In his weekly commentary — “Robert’s Ruminations” — for week 1, Robert asks his learners to reflect on the partnering process, whether they were a pursuer, initiator, reactor, or defaulter. Robert suggests that this can inform the learner in how he or she might engage in conflict while integrating course experience with the content. Part of the course environment is a term “course-mate” that Robert has coined. He tries to create the sense of community by emphasizing that he is the teacher-student and they are student-teachers and as in any learning oriented community, all learn from each other.
The Value and Power of Learning Partners
At this point I asked Robert to give an example of how learning partners support process, projects or the learning of core knowledge. Here is an example centered on the learner’s conflict project.
As described earlier, the course design leads students to a point of identifying a conflict experience of their own that they will share and analyze with the course community. In week 2 students submit as Paper 1 their conflict story that will be the focus of the project analysis. The paper is a rich and as complete telling of the story as possible including quotations and dialogue. The close to the paper is the student’s answer to the question; “How do you see the story?” This initial analysis becomes the student’s baseline perspective of both the conflict and their informed theoretical understanding of it. This conflict story mines the personal knowledge of an experience that has an emotional and visceral richness that someone else’s case study cannot begin to replicate. Additionally these stories are then summarized in the next week’s discussion forum and available for every student in the course to read. This brings the theory alive in real situations that, shared with learning partners and other students in the course, often result in very supportive and empathic posts. Robert then added, “When that happens, you have magic and students are teaching each other.”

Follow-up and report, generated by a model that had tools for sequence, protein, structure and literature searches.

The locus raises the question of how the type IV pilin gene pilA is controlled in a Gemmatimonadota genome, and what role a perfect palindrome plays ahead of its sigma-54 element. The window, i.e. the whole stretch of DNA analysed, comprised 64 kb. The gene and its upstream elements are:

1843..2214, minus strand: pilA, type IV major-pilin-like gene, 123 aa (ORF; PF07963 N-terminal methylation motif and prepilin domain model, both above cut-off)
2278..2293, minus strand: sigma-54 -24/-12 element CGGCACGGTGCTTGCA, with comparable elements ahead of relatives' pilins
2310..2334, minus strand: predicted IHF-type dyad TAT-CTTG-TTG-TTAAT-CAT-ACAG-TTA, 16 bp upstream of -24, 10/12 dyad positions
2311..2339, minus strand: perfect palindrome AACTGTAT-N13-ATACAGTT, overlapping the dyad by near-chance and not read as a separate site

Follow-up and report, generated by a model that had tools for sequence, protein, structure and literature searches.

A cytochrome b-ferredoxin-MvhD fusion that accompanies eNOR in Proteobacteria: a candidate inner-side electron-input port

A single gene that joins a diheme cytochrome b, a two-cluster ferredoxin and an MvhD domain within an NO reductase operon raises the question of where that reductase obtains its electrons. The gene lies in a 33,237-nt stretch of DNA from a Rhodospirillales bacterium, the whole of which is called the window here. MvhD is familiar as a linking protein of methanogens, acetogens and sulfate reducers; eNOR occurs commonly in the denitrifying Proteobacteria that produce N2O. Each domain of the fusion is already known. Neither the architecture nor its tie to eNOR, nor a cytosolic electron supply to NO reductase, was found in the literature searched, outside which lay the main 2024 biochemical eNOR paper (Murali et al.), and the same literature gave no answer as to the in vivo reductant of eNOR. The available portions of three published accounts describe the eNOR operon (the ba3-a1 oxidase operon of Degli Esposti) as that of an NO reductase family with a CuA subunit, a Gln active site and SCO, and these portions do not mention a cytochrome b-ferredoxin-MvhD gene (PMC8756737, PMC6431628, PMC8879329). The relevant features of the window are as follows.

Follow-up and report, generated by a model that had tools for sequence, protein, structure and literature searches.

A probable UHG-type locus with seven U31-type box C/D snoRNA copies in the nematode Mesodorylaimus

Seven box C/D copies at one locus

Here is another example of how the learning partners work. Towards the end of the course an “appreciation forum” asks the learners to identify one person in the course to whom they want to show appreciation, using Marshall Rosenberg’s (2004) model of Nonviolent Communication. Students often select their learning partners and through these appreciation posts it becomes obvious that many learning partners developed a rich and robust supportive relationship that helped and guided them throughout the course.